The unemployment number this morning surprised most analysts and investors. Many analysts had reduced their outlook down to just 50,000 (fifty thousand) new jobs. Instead job growth was 136,000 in September and August was bumped by 38,000 more jobs to 168,000. The consumer is doing fine and with unemployment at the lowest level in 50 years, this flies in the face of recession predictions.
The Fed Again
The market jumped on the news this morning, but shortly I am expecting the naysayers to point out that this probably means no Fed rate cut in October but maybe by year-end. The initial enthusiasm may give way and markets will dip again. Yesterday, Thu Oct 3 2019, analysts believed the ISM number would force the Fed to slash interest rates as soon as mid-October and the morning plunge was quickly bought as the outlook for a rate cut in October jumped to 90% of those surveyed within half an hour of the ISM report.
Negative Views Versus The Consumer
What we have is an environment of the media and analysts influencing the outlook to a negative view, when in fact the actual economics continue to defy their outlook. In their desire to be among the “first” to have predicted the next recession successfully, the media and many analysts take positive news and turn the “story” of that news, back around to meet their view.
For investors they should continue to look at actual numbers and in particular unemployment and the consumer and ignore the analysts and media viewpoints and especially their predictions. Low unemployment is not common in recessions. Here is an article on how I use the unemployment numbers for a market timing system that is surprisingly reliable. This article is from 2012’s slowdown.
Dips Continue To Provide Profits
For those of us who trade in stocks through selling options for income, these dips have continued to prove highly profitable. Staying with large cap stocks that have a proven track record of growing their balance sheets brings a higher level of protection than chasing those stocks that have questionable earnings growth or none at all.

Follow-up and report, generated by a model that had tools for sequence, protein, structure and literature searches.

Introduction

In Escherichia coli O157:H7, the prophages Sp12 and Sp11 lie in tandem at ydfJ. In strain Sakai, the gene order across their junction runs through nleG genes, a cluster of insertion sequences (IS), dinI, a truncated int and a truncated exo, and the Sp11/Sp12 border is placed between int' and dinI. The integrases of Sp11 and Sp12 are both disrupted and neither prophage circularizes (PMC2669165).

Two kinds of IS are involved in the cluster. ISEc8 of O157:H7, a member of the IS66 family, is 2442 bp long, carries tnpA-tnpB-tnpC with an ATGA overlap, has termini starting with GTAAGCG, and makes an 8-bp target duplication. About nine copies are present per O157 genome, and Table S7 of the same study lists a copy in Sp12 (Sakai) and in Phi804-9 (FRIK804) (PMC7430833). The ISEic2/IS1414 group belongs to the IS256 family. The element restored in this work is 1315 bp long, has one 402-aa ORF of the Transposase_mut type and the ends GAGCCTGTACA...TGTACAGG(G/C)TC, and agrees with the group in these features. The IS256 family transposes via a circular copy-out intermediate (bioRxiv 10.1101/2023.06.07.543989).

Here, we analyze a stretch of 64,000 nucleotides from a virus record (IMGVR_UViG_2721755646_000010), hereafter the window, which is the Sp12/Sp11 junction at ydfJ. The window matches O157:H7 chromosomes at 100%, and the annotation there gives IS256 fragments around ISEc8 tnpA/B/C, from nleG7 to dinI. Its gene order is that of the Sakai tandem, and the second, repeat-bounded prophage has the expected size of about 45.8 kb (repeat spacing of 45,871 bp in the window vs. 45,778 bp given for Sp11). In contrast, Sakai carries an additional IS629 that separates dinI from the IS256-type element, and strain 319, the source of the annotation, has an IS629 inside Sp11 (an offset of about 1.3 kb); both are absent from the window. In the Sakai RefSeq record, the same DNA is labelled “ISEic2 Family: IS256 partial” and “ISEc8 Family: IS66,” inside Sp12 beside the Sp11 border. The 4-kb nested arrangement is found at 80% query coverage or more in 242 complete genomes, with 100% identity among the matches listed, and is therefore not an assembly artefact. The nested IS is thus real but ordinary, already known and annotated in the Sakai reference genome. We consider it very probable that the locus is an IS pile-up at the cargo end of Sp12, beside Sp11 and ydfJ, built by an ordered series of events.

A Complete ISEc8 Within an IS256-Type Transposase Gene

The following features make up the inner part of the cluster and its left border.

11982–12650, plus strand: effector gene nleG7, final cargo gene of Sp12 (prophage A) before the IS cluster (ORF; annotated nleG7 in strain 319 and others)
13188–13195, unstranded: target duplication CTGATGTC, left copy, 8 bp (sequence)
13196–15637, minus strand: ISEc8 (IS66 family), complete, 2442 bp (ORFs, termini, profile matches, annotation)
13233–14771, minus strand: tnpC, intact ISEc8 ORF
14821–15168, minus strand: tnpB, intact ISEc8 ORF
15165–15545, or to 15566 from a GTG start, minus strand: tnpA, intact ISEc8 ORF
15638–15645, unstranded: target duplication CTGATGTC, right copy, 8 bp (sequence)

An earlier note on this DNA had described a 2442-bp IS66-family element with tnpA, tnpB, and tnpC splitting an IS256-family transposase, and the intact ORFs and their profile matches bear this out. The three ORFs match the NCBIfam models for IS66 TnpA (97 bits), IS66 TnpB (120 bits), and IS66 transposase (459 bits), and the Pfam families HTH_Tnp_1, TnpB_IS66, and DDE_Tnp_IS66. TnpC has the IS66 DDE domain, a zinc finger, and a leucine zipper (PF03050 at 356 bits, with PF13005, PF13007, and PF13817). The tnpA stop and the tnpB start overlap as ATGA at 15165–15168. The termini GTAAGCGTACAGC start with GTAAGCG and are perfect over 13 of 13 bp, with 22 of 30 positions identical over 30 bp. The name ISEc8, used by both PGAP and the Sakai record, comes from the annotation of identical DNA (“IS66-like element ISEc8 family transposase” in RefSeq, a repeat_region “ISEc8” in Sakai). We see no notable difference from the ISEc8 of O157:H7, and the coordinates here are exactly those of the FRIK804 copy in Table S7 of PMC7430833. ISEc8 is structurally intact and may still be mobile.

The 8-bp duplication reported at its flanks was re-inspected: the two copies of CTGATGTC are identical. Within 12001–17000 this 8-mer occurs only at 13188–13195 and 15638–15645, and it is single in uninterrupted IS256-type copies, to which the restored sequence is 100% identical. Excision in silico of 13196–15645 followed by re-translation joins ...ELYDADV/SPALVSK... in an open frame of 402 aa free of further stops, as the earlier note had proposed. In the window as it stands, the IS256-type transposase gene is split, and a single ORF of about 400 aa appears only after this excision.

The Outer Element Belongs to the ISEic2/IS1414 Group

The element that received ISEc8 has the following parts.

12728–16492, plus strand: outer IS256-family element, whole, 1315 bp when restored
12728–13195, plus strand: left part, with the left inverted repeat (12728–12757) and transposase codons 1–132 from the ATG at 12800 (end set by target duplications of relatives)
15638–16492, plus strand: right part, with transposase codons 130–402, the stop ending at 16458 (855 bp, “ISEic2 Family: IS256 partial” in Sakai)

For investors selling options for income and growing portfolios, the old mantra of “slow and steady” does indeed continue to win “the race” with my own portfolio which is primarily Put Selling with a handful of stock trades is up 48% so far this year.
Economists Are Rarely Right
Remember that few analysts and especially economists have been correct in their recession “calls” and even fewer in actually spotting the start of a bear market. A 2018 study by Prakash Loungani, an economist at the International Monetary Fund, reviewed 153 recessions in 63 countries between 1992 and 2014. He found that the majority were missed by economists in both public and private sectors.
Missing The 2008 Great Recession
One event, the financial crisis of 2008 was missed by almost every economist and analyst. Even the term “The Great Recession” was actually not used until the recession was nearing its end. In fact the recession of 2008 to 2009 was not declared a recession until almost a year into the recession.
Indeed in summer 2008 most economists and especially analysts were advising investors to get back into stocks as the slow period from 2007 to middle 2008 was seen as being at an end. These all clear “buy calls” were made just a month before the collapse of Lehman Brothers on Sep 15 2008.
This is a personal opinion article by Teddi Knight of FullyInformed.com
Disclaimer: There are risks involved in all investment strategies and investors can and do lose capital. Trade at your own risk.
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